Taxes on Stocks After a Death

When you inherit stocks after a death, you don’t usually have to pay taxes on them until they are sold. However, if the decedent lived in a state with an inheritance tax and you were not their child or grandchild, you may end up liquidating stocks after the death to pay the inheritance taxes.

Capital Gains on Estate Assets

If you inherit stock, you will not have to pay capital gains taxes until you sell your shares. If you are liquidating stocks after a death, you may owe capital gains, but the amount may be relatively insignificant if you sell them soon after receiving them as part of your inheritance distribution. That’s because a stock’s basis is its value on the day of the decedent’s death. If the stock happened to make a lot of money in a relatively short time since you inherited it, you’ll pay short-term capital gains taxes at your marginal tax rate. Figure out the taxes owed by subtracting the stock’s value on the day of the decedent’s death, which is the basis, from the amount at which you sold it. The difference is your gain or loss. If you held the stock for less than a year, you pay the short-term capital gains tax. If you held the stock more than one year, you’ll pay long-term capital gains tax, which is a lower rate.

State Inheritance and Estate Taxes

Because the federal exemption is so high, most people will not have to pay any taxes on inherited stocks, and most estates will not to have to file estate taxes. Even if an estate doesn’t have to pay federal estate taxes, it may prove subject to estate taxes imposed by the state in which the decedent resided. The same holds true for inheritance taxes, which are paid for by the recipient. Currently, 12 states, along with the District of Columbia, impose estate taxes on death, and six states impose an inheritance tax. If the decedent lived in Maryland, expect an estate and an inheritance tax. At 20 percent, Washington has the country’s highest estate tax, while Nebraska holds that dubious distinction for inheritance tax, at 16 percent. However, inheritance taxes are usually imposed on beneficiaries who are not the decedent’s direct descendants, such as children or grandchildren. When a decedent leaves stock or other assets to another relative, including a sibling, niece or nephew, or to someone outside of the family other than a non-profit organization, that’s when inheritance taxes generally kick in. In some states, including Oregon and Massachusetts, estate taxes are imposed on those estate worth $1 million and up.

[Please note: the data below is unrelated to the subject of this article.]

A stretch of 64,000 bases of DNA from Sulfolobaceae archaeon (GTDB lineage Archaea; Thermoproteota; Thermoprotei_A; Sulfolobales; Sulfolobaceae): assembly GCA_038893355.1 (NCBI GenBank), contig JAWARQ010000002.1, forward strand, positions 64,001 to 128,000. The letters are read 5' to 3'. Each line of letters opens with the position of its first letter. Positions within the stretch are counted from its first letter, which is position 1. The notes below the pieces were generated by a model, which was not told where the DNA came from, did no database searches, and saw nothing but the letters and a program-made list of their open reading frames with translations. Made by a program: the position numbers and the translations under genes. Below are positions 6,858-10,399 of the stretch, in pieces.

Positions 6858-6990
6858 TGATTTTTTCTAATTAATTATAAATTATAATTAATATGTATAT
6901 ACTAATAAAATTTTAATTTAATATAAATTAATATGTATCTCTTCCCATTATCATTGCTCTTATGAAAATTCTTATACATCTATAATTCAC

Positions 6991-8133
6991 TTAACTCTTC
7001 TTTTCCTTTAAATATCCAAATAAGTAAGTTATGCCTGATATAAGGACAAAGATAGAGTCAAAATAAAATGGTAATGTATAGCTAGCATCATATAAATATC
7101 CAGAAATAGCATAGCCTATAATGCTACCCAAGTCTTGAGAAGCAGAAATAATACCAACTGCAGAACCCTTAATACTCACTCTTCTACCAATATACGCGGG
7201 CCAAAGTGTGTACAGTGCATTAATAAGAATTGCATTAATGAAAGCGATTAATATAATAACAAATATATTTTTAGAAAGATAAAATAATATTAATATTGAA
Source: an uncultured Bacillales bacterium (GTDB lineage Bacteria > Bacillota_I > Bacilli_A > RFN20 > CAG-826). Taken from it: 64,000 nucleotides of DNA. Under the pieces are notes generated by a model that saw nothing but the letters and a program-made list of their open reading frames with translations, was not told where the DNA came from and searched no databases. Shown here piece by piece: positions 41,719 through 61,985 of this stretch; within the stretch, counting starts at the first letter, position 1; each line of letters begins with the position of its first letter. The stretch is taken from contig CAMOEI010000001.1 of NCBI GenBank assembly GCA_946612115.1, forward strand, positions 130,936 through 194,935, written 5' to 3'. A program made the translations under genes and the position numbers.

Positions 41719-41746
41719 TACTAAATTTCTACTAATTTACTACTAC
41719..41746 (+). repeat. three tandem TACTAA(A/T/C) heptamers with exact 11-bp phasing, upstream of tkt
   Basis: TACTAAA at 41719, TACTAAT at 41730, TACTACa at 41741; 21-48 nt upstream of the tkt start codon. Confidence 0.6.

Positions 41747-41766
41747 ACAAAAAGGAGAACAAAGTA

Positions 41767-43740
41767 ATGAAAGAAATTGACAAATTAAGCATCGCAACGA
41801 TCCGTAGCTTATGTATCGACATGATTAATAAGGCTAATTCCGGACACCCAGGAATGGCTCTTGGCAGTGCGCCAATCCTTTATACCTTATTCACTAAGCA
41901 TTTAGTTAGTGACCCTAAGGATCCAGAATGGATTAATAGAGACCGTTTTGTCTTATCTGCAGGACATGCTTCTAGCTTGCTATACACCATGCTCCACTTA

The 12 states with estate taxes as of 2018 are: Connecticut, Hawaii, Illinois, Maine, Maryland, Massachusetts, Minnesota, New York, Oregon, Rhode Island, Vermont and Washington. The six states with an inheritance tax as of 2018 are: Iowa, Kentucky, Maryland, Nebraska, New Jersey and Pennsylvania.

Estate Tax Exemption in 2017 and 2018

For 2017, the estate tax exemption is $5.49 million per person. The long-term capital gains rate is zero for those in the 10 to 15 percent tax bracket, 15 percent for most tax brackets above 15 percent up to 35 percent, and 20 percent for those in the 39.5 percent bracket.

The Tax Cuts and Jobs Act, signed into law on Dec. 22, 2017, raises the federal estate tax exemption to $11.2 million per person until the law expires on Dec. 31, 2025. The short-term capital gains rate, for assets held less than one year, are 10 percent, 12 percent, 22 percent, 24 percent, 32 percent, 35 percent or 37 percent, based on your income bracket. The long-term capital gains rate remains the same as in 2017, but the brackets have changed. The zero tax bracket holds true for single filers with an adjusted gross income of up to $38,600 for single filers and up to $77,200 for those married and filing jointly; 15 percent for single filers with an adjusted gross income of $38,601 and married filers with an adjusted gross income of $77,201, and 20 percent for single filers with an adjusted gross income of $425,801 and up and married filers with an adjusted gross income of $479,001.

About the Author

A graduate of New York University, Jane Meggitt's work has appeared in dozens of publications, including PocketSense, Financial Advisor, Sapling, nj.com and The Nest.


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